2012 SPARROW Models for the Northeast: Total Phosphorus, Total Nitrogen, Suspended Sediment, and Streamflow

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The 2012 SPAtially Referenced Regression On Watershed attributes (SPARROW) Models measure the damaging contaminants of phosphorus, nitrogen, and suspended sediment in streamflow throughout the Northeast United States. Through various types of watershed management practices, loads of nutrients and suspended sediment are significantly reduced within the stream network in impounded reaches, and nitrogen load is also significantly reduced in smaller reaches.

SPARROW Mapper Web Interface: 2012 SPARROW Models for the Northeast: Total Phosphorus, Total Nitrogen, Suspended Sediment, and Streamflow, Representing mean daily streamflow and average annual total nitrogen, total phosphorus and suspended sediment load in streams of the Northeast. https://sparrow.wim.usgs.gov/sparrow-northeast-2012

ScienceBase-Catalog Reference Site: SPARROW model inputs and simulated streamflow, nutrient and suspended-sediment loads in streams of the Northeastern United States, 2012 Base Year: U.S. Geological Survey data release, https://doi.org/10.5066/P9NKNVQO

Referenced Publication Link: Ator, S.W., 2019, Spatially referenced models of streamflow and nitrogen, phosphorus, and suspended-sediment loads in streams of the Northeastern United States: U.S. Geological Survey Scientific Investigations Report 2019–5118, 57 p., https://doi.org/10.3133/sir20195118

SPARROW (SPAtially Referenced Regression On Watershed attributes) models were developed to quantify and improve the understanding of the sources, fate, and transport of nitrogen, phosphorus, and suspended sediment in the northeastern United States. Excessive nutrients and suspended sediment from upland watersheds and tributary streams have contributed to ecological and economic degradation of northeastern surface waters. Recent efforts to reduce the flux of nutrients and suspended sediment in northeastern streams and to downstream estuaries have met with mixed results, and expected ecological improvements have been observed in some areas but not in others. Effective watershed management and restoration to improve surface-water quality are complicated by the multitude of nutrient sources in the Northeast and the multitude of natural and human landscape processes affecting the delivery of nutrients and suspended sediment from upland areas to and within surface waters. Individual models were constructed representing streamflow and the loads of total nitrogen, total phosphorus, and suspended sediment from watersheds draining to the Atlantic Ocean from southern Virginia through Maine.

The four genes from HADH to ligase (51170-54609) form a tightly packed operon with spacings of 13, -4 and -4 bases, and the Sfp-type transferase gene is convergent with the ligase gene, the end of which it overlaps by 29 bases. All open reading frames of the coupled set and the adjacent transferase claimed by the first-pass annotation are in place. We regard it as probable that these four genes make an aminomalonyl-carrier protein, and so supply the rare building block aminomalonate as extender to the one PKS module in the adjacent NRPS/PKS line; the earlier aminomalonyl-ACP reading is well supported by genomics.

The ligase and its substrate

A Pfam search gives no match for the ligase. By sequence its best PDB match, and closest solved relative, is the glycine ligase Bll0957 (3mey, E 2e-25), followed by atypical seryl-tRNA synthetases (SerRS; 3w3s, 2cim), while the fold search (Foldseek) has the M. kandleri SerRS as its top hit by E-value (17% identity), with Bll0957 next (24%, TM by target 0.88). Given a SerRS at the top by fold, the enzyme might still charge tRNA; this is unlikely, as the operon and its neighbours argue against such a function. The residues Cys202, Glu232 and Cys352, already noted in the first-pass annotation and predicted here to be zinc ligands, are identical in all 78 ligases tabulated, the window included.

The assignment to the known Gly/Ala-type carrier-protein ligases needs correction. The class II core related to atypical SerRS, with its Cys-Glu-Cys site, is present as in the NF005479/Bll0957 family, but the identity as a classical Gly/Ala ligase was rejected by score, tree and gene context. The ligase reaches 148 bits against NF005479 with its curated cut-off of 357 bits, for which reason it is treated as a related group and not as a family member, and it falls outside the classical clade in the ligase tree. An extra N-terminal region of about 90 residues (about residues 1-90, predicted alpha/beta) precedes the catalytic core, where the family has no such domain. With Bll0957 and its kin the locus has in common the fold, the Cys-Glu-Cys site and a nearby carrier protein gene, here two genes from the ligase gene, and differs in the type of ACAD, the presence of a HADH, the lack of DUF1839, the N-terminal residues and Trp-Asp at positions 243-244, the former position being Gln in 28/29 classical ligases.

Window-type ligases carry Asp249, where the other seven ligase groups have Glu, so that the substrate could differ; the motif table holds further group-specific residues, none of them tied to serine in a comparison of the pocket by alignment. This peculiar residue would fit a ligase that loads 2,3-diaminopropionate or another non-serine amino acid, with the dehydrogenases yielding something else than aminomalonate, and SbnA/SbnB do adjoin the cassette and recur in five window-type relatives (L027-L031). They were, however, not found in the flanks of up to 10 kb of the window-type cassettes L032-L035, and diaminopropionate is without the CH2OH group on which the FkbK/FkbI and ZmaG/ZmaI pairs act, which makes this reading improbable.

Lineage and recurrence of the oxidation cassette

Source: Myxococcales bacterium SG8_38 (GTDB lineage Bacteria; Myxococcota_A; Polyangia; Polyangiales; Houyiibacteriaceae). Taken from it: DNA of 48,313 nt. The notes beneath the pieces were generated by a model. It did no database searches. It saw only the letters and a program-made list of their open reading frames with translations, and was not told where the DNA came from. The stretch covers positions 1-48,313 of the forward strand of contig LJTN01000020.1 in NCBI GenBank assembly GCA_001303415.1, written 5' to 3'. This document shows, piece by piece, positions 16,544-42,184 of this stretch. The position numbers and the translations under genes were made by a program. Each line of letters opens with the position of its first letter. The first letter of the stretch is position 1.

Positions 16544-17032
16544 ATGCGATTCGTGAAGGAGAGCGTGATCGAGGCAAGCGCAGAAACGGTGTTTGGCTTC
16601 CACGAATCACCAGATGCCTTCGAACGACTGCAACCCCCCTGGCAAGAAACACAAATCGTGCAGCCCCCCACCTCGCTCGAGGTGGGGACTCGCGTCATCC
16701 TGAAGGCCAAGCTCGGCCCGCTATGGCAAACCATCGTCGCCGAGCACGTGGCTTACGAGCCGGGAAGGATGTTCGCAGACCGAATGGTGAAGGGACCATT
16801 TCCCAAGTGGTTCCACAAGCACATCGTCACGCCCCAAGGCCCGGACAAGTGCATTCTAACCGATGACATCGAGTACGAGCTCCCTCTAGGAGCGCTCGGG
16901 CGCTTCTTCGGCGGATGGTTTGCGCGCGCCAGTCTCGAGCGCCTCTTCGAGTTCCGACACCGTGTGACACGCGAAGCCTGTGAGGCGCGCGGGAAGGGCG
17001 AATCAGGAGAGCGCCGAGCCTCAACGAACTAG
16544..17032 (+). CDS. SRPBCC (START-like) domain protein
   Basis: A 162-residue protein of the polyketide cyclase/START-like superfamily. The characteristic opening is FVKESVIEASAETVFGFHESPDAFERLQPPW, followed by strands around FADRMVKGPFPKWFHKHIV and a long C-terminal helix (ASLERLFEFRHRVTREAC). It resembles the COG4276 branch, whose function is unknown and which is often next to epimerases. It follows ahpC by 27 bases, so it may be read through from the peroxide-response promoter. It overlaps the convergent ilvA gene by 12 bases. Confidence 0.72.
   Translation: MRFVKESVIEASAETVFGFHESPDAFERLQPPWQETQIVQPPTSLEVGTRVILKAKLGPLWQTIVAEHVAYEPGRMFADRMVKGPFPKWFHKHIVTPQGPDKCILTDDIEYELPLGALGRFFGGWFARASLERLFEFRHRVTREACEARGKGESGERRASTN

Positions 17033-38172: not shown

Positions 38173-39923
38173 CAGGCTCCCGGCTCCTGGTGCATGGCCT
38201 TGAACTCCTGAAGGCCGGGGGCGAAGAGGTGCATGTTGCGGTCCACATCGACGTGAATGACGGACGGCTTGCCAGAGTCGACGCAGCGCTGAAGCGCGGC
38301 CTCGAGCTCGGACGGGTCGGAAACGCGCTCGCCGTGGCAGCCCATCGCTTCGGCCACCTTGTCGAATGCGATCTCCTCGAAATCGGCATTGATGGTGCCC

Screen shot of NE Sparrow Mapper

NE SPARROW Mapper Web Interface

Northeastern streams contribute 303,000 metric tons (t) of nitrogen, 25,300 t of phosphorus, and 14,700,000 t of suspended sediment, annually (on average), to waters along the Atlantic Coast of North America. Although atmospheric deposition and natural mineral erosion contribute to nitrogen and phosphorus loads, respectively, in northeastern streams, most of the contributions are attributable to urban or agricultural sources. Within the Northeast, average yields of nutrients are therefore generally greater from densely populated or intensively cultivated areas of the mid-Atlantic region, the Hudson, Mohawk, and Connecticut River valleys, and the coastal areas of southern New England than in predominantly forested areas such as northern New England. Average upland sediment yields are similarly greater from agricultural areas than from urban or forested areas and are therefore generally greatest in areas yielding the greatest nutrients. Landscape conditions that are significant to nitrogen delivery from uplands to streams likely reflect the importance of groundwater transport in carbonate settings and of denitrification for removing nitrogen from uplands. Nitrogen losses to streams in agricultural areas are apparently mitigated by the use of cover crops but are exacerbated by the use of conservation tillage or no-till practices. The transport of phosphorus and suspended sediment from uplands to streams is greater in areas of more erodible soils but mitigated in agricultural areas with greater use of conservation tillage or no-till practices. Loads of nutrients and suspended sediment are significantly reduced within the stream network in impounded reaches, and nitrogen load is also significantly reduced in small flowing reaches.